Some site owners attempted to make their sites display acceptably on smaller, handheld devices, usually with limited or no success.
Eventually, as the need to display properly on these devices was obviously taking on greater importance, some went so far as to build additional pages – sometimes even duplicating their entire site – so they could capture that growing share of the market.
This created other problems, of course. The point that many were missing is that they were approaching the issue from the wrong direction.
Set aside entirely the notion of a separate site for mobile devices… that’s a poor workaround, at best. The real problem is created by building a complex site, intended for display on PCs, and then trying to “dumb it down” for mobile displays.
The Proper Approach
Doesn’t it make more sense to build a basic site, and then find a logical way for it to suit every display?
That’s exactly what responsive web design accomplishes. Using HTML5+CSS3, augmented by media queries, a basic website design can be made to display properly on any size and style of device, from a PC (2560px) down to an iPhone (320px).
Media queries, coupled with a fluid proportion-based grid, allows the site to query the display type and max-width, which then allows the CSS3 to tailor the display accordingly according to the device. Shifts from 3 columns to 2 columns are implemented fluidly and transparently, with displays optimized for the characteristics of each device.
What is Gained by Responsive Web Design?
Essentially, you achieve an adaptive design by making your CSS override your standard layout structure, based upon the viewport in the user’s hand.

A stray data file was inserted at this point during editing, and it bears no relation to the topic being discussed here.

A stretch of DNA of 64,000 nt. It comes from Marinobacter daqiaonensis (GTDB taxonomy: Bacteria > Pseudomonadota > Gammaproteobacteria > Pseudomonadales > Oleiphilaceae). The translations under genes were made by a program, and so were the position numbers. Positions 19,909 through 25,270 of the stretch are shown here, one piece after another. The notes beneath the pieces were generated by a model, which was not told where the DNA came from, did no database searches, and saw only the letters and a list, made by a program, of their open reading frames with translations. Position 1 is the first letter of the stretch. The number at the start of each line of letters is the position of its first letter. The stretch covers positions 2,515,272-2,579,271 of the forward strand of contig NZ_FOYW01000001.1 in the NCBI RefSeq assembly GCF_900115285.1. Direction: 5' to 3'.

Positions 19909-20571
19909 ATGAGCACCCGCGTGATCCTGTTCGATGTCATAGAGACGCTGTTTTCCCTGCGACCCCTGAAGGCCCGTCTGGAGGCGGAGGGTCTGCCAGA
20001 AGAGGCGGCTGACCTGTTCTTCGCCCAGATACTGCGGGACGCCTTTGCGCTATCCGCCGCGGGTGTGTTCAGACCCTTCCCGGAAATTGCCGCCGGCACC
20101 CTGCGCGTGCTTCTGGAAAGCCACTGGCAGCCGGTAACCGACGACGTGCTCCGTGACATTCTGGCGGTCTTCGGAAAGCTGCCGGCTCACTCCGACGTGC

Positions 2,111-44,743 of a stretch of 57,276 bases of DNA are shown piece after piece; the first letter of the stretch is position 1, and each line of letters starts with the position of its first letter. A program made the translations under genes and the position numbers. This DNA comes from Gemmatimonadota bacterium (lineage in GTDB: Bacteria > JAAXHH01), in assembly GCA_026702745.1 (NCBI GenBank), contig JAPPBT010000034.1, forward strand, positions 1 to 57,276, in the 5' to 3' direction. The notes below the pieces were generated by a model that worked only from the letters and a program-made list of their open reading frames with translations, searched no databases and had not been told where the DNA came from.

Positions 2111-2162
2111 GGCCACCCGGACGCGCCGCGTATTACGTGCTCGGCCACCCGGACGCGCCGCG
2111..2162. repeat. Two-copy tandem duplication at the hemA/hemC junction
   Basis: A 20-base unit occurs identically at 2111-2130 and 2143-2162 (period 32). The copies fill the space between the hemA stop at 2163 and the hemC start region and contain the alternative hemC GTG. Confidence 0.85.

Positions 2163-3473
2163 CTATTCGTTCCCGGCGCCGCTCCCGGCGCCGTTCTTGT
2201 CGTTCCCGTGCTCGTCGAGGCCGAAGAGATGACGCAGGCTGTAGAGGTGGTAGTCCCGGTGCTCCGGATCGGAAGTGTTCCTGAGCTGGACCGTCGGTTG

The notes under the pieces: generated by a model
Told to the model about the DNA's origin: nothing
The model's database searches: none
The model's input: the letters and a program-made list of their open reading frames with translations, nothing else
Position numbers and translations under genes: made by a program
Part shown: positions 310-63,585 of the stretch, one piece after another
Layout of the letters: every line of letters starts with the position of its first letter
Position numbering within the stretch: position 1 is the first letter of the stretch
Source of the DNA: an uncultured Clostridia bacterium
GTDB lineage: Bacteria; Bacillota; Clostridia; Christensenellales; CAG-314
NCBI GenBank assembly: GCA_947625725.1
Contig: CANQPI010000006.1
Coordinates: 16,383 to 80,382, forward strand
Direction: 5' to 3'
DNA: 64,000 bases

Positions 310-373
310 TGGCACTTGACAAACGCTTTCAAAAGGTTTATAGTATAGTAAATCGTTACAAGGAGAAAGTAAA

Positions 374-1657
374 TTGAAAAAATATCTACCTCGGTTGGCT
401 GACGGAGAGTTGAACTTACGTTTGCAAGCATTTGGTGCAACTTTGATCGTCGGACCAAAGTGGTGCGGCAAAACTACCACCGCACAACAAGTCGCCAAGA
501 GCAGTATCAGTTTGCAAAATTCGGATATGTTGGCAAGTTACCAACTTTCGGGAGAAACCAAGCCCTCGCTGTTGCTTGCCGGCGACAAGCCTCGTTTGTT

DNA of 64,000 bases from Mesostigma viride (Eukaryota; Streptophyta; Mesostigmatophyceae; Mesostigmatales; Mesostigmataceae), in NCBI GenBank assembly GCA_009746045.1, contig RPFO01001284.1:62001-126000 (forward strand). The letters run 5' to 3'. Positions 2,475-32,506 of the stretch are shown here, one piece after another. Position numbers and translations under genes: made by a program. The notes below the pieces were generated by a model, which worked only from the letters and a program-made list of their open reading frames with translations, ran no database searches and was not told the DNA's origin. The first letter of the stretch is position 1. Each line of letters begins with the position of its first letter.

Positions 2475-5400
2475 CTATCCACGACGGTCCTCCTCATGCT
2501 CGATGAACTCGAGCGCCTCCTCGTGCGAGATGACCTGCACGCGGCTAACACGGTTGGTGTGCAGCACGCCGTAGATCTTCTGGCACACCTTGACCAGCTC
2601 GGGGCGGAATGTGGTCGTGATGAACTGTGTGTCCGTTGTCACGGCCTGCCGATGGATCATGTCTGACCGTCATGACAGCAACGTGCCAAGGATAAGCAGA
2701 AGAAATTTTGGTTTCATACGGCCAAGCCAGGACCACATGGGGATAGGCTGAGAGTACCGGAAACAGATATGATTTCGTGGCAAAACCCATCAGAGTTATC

This may seem like an over-simplified explanation of what a responsive web design does, but it’s really that simple. And the steps to harness this capability really aren’t that complicated, either. They include:
Encompass your header, content, widgets and footer in a page-wrap container – in this fashion, the width of that container can be modified by the CSS3 to suit different viewport widths. This gives your CSS3 a nice neat package it can resize, as needed;
- Reset of the HTLM5 elements to block – this establishes the block of elements to be handled;
- Building the main structure CSS – this sets the width and float for the various elements within the block;
- Setting up Media Queries – these determine which CSS3 set to follow, depending upon the target device characteristics;
- Setting up Fluid Layout – this allows you to set the percentage of width of individual elements in the main structure CSS which should be applied to specific displays.
- Width of images and embedded videos – here you can set the percentage of the display’s maximum width that an image or embedded video may occupy.
The end result is a fluid display which will appropriately fill the area allowed on essentially any mobile device, while the basic design still displays as intended on a PC.